2004-09-03 / Other News

Bridges To Rockaway Are Busy The Year-Round

The management staff of MTA’S Rockaway bridge facilities: John Ryder, Adrian Moshe, Carlton Cyrus and Marc Levy. The Marine Parkway-Gil Hodges Memorial Bridge is in the background.
The management staff of MTA’S Rockaway bridge facilities: John Ryder, Adrian Moshe, Carlton Cyrus and Marc Levy. The Marine Parkway-Gil Hodges Memorial Bridge is in the background. It’s a double challenge for John Ryder, General Manager of MTA Bridges and Tunnels Rockaways Fa-cilities. Ryder is the only MTA Bridges and Tunnels General Manager responsible for two facilities. He directs an operations staff of 80 employees at the Marine Parkway-Gil Hodges Memo-rial Bridge and the Cross Bay Veterans Memorial Bridge that connect the Rockaway Peninsula with Brooklyn and Queens.

Only four miles from each other, both facilities are gateways to the Rock-away Peninsula featuring some of the most extensive beaches and parks in New York City, including the Gateway National Recreation Area.

John Ryder, who grew up in Marine Park, is a 22-year veteran of MTA Bridges and Tunnels. He joined the agency as a Bridge and Tunnel Officer and worked his way up through the ranks as a Sergeant and Lieutenant while working at all nine of the agency’s facilities. He has served as an Oper-ations Superintendent at the Throgs Neck Bridge and the Queens Midtown and Brooklyn-Battery tunnels. He was appointed General Manager of the two Rockaways Bridges in 1999. The job also involves coordinating with the engineering staff.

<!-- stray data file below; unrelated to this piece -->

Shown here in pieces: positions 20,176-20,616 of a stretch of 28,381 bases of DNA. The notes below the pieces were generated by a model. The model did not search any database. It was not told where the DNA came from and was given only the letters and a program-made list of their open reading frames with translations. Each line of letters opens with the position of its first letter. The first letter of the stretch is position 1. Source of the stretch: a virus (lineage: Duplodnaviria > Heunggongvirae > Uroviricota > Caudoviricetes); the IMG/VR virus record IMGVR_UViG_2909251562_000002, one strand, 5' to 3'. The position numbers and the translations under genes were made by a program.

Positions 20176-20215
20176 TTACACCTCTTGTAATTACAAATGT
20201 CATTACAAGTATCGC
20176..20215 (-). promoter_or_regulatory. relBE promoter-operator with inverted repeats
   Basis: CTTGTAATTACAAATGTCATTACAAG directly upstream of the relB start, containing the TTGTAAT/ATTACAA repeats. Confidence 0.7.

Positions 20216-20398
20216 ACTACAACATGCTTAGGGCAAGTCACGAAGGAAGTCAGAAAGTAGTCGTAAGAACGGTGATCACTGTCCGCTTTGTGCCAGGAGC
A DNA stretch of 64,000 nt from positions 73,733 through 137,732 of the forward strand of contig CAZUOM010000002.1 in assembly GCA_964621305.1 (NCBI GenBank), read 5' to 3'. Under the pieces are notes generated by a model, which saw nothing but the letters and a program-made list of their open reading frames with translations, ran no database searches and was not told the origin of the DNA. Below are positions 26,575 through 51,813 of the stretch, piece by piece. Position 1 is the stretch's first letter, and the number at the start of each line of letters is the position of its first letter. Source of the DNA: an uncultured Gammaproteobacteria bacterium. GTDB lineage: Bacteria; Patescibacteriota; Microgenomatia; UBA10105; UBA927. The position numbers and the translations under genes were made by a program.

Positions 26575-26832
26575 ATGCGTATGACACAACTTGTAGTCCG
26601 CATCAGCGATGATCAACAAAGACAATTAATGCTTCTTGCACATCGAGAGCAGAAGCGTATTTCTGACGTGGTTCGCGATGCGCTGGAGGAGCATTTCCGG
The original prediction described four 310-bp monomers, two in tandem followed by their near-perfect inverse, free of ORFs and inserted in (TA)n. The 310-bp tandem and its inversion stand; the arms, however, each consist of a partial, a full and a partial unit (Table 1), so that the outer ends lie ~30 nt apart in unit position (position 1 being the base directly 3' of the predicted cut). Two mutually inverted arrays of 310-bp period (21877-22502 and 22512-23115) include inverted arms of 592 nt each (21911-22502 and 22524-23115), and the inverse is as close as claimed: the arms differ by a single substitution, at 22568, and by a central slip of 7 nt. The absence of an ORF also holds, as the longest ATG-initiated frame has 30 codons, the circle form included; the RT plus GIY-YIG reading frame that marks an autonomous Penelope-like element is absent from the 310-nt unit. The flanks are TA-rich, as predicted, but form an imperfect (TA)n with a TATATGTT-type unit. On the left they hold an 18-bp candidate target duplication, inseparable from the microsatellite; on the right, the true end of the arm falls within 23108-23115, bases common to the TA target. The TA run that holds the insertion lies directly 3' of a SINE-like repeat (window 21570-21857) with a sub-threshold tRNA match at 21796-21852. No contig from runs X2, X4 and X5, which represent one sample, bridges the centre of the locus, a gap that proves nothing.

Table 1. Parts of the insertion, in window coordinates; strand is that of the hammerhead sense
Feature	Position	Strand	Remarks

“We do everything we can to provide a safe and efficient trip over each of our facilities,” said Ryder. “Safety is our top priority especially when we are performing maintenance in the lanes at the facilities. We are constantly working to ensure that all our systems are up and running in all 22 lanes of two toll plazas 24 hours a day.”

During the summer, average traffic increases from 20,000 to more than 24,000 vehicles per day at each facility. In the summer months temporary toll collectors, usually college students, are hired from Memorial Day to Labor Day to help with the summer surge in traffic.

The Cross Bay Bridge is a high level fixed bridge while the Marine Parkway Bridge is a vertical lift span that is raised by electrically driven mo-tors.

“Under Coast Guard regulations, Marine Parkway Bridge traffic is halted about 60 times a year so we can lift the span to allow ships to pass,” said Ryder. “We’re required by Coast Guard regulations to lift the span on demand weekdays from 8:00 a.m. to 4:00 p.m. and at all other times with 8 hours notice.”

Both bridges are constantly undergoing maintenance that keeps all systems at peak performance. It is a year-round job to assure a safe and efficient crossing for customers who use these facilities.

In addition to new lighting at both bridges toll plazas, the annual maintenance checklist includes lubricating the cables of the Marine Parkway Bridge’s lift span using more than 80 gallons of synthetic oil. The drainage systems were cleaned this summer using pressurized water and a huge vacuum to remove debris and silt.

During summer the snow trucks as-signed to the Rockaways facilities un-dergo annual inspections, maintenance and repairs.

In addition to Ryder, the Rockaways management staff includes Operations Superintendent Marc Levy, from Mill Basin, Maintenance Superintendent Carlton Cyrus, originally from Grena-da, and Facility Engineer Adrian Moshe, who hails from Romania, who oversaw the $95 million deck replacement, repainting and rehabilitation of the Ma-rine Parkway Bridge that was completed in 2002.

Currently, the two-year upgrade of the Cross Bay Bridge’s sea wall, promenade and electrical network is nearing completion.

The Marine Parkway-Gil Hodges Bridge opened to traffic on July 3, 1937. In 1978, Gil Hodges’ name was added to the bridge in honor of the great Brooklyn Dodger first baseman and New York Mets manager. The Cross Bay Veterans Memorial Bridge opened to traffic on May 28, 1970 after replacing the original 1939 drawbridge.

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